Flower Shops Are Opening In Chic Boutiques From New York To L.A.


There’s a chance you’ll come home with a floral arrangement the next time you go shopping for a handbag (or a sofa). Retail stores have a new best friend: the flower shop-in-shop concept, thanks to a design zeitgeist that’s currently flooded with florals (during this month’s NYC fashion week alone, designers Jason Wu, Ulla Johnson, and Tory Burch all had major floral installations at their shows), and thanks to a design zeitgeist that’s currently flooded with florals (during this month’s NYC fashion week alone, designers Jason Wu, Ulla Johnson, and Tory Bur

“Because we live in such a visual environment now, [flowers] are being given in a different context than they used to be.” Anyone can design a photo to their liking and then post it in this very public space. “Now there’s a bit more unique individuality coming through, and that’s enabled for flower design to be perceived in a different light—and for more of this type of collaborative creative processing to happen,” says Brittany Asch, creator of Brrch. In 2016, Asch worked with Mansur Gavriel to open a flower shop inside its Wooster Street headquarters, which she continues to curate. Asch is the collaborator behind accessories and fashion designer Mansur Gavriel’s singular, floral-heavy identity. Mansur Gavriel expanded their concept to the West Coast this week, launching a 2,500-square-foot store on Melrose Place in Los Angeles (complete with a homewares market and a café) where you can browse poppies and proteas alongside their merchandise.

Emily Thompson, a floral designer, recently opened her shop inside the new Roman and Williams Guild New York—a European-inspired café-marketplace-interiors store that Robin Standefer and Stephen Alesch originally envisioned as a shop for their furniture—and she has a unique perspective on the industry’s deep love of flowers. “I believe there is a fantasy about being surrounded by [flowers], and I believe that’s what’s going on at Guild—supposed it’s to happen there.” You can buy something from the flower store or not, but you still get it for the time you spend drinking your tea and being on the premises. “I believe that’s enlightening,” Thompson adds.

Despite the fact that Guild was originally intended to be a furniture store, Standefer and Alesch, both experts of fantasy design, opted to place the flower shop right in the front. “When you walk in, there’s this riot of color and flowers that’s almost an installation, but there’s also something incredibly simple about it that makes you smile.” Standefer, who intended the shop to feel like a home, says, “It’s so amazing for that to be the first moment.” Thompson’s flowers reach far beyond her jewel-box-sized boutique, where her sculptural designs are tastefully positioned around Guild, acting as both décor and inspiration for guests.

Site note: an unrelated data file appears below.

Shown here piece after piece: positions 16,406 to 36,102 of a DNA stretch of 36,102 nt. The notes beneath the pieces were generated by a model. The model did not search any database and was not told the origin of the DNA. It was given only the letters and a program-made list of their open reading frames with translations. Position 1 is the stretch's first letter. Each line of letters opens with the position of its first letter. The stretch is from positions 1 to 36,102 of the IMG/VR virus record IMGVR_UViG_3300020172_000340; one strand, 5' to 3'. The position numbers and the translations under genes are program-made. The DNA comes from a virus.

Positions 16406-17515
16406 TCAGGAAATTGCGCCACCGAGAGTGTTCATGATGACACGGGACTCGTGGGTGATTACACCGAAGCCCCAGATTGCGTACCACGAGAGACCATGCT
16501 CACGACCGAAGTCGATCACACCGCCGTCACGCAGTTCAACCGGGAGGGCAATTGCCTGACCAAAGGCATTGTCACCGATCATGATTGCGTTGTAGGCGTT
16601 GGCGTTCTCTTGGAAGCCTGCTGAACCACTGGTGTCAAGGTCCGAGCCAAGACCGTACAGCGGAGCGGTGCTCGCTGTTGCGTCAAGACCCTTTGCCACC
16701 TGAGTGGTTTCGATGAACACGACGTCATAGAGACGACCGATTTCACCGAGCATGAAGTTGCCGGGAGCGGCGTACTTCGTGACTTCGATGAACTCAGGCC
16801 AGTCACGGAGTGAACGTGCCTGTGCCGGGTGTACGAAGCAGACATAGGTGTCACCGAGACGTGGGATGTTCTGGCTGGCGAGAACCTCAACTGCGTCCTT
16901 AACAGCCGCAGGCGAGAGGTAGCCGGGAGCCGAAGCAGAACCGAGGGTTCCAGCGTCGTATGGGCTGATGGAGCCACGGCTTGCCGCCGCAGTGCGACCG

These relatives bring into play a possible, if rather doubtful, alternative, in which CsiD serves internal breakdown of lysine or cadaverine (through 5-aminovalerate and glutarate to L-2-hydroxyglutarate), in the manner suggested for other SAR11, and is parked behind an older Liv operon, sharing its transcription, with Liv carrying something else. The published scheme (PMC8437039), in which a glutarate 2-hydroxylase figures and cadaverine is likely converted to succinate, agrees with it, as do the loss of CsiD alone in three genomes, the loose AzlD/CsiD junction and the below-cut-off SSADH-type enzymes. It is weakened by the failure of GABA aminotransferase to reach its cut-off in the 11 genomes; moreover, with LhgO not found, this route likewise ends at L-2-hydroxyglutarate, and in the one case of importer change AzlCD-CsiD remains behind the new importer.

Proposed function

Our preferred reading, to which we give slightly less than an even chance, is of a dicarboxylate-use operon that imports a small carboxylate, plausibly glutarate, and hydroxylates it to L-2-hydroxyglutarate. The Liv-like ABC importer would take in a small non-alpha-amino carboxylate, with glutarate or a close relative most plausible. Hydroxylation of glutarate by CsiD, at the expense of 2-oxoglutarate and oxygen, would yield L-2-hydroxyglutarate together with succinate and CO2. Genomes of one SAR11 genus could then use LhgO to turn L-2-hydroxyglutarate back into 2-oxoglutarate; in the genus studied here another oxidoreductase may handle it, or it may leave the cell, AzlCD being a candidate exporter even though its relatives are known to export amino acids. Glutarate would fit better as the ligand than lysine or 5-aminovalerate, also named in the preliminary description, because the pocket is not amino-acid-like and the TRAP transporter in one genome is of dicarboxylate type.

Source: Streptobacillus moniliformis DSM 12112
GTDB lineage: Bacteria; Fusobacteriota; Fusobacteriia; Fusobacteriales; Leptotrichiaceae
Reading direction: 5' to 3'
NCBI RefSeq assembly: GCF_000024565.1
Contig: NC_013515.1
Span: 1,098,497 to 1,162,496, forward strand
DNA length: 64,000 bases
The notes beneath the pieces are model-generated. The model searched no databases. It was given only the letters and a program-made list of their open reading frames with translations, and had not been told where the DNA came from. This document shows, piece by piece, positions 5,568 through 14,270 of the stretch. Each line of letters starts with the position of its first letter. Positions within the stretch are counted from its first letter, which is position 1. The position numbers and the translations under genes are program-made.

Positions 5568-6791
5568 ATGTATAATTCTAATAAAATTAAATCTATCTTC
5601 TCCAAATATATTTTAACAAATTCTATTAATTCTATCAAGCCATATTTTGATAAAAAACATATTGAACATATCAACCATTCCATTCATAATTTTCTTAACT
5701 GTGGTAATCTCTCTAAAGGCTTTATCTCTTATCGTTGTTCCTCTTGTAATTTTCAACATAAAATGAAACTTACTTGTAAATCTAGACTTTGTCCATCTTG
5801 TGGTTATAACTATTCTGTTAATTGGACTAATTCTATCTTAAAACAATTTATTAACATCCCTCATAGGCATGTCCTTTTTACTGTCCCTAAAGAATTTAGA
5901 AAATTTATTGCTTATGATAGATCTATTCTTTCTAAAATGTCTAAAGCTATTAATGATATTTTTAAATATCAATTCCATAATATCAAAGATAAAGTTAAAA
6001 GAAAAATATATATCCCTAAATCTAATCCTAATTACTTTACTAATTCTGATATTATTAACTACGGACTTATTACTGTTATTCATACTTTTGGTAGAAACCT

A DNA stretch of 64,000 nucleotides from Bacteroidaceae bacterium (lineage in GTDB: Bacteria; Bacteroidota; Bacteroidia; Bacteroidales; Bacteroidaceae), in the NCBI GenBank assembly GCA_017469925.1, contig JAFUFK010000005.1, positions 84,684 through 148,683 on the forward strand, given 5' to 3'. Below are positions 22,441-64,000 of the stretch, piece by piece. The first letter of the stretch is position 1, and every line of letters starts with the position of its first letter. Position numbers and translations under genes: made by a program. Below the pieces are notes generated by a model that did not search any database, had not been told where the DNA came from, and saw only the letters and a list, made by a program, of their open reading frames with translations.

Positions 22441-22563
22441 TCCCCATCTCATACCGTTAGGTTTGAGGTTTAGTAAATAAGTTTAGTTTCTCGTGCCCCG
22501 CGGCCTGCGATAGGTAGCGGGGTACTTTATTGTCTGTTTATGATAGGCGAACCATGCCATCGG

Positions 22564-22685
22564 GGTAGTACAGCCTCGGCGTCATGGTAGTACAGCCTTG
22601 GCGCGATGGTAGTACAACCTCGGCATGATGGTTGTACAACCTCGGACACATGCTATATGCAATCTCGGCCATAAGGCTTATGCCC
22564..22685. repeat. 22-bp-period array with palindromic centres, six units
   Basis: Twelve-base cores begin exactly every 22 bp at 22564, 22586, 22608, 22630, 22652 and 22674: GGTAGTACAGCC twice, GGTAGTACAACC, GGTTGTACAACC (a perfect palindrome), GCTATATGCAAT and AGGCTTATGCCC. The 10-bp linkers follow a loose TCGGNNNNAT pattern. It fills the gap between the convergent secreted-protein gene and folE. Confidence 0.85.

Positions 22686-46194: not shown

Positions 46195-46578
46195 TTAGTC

Another Soho venue, just a few blocks away, has created a dedicated flower room that, like Roman and Williams Guild, aims to offer an all-encompassing experience. The RealReal, an online consignment retailer, sought out floral designer and Fox Fodder Farm founder Taylor Patterson when it established its first brick-and-mortar location late last year. “We adore Taylor’s more architectural approach to flowers. Rati Levesque, chief merchant at The RealReal, adds, “Her instructional approach to her displays also fits perfectly with our objective of developing an engaging community within our store.” Patterson says that this engagement extends to the Internet: “People come in and buy a stem here and there, but basically, it’s an Instagram photo op—they’ll take a shot and that’s their moment.” It’s difficult to resist a Japanese ranunculus.

Sézane, a French fashion company, has partnered with Flower Girl NYC to host a series of monthly in-store workshops focusing on using seasonal blooms in Nolita. Spring floral arrangements, flower crowns, and terrarium construction are among the upcoming classes.

Is all of this flower conversation making you want to bring some into your own home? With advice from three of New York City’s most sought-after florists, we’ve got you covered:

“[Mansur Gavriel] sells wonderful Murano glass vases as well.” I would strongly advise purchasing a vase and a single stem. “At that point, you don’t have to do anything—all the job is done for you.” Brrch, Brittany Asch

“Branches are long-lasting, make a significant impact on your area, and are often grown locally” (there are so many good things about that). Give them a new haircut, make sure they have fresh water, and keep them out of the sun for maximum longevity.” Emily Thompson Flowers, Emily Thompson Flowers, Emily Thompson Flowers, Emily Thompson Flowers, Emily Thompson Flowers, Emily Thompson Flowers, Emily Thompson Flowers

“Keep it simple, and keep it seasonally appropriate.” You don’t need a lot of flowers to make a statement. Going someplace and picking a few really lovely stems will give you the same pleasure as a big bouquet.” –Fox Fodder Farm’s Taylor Patterson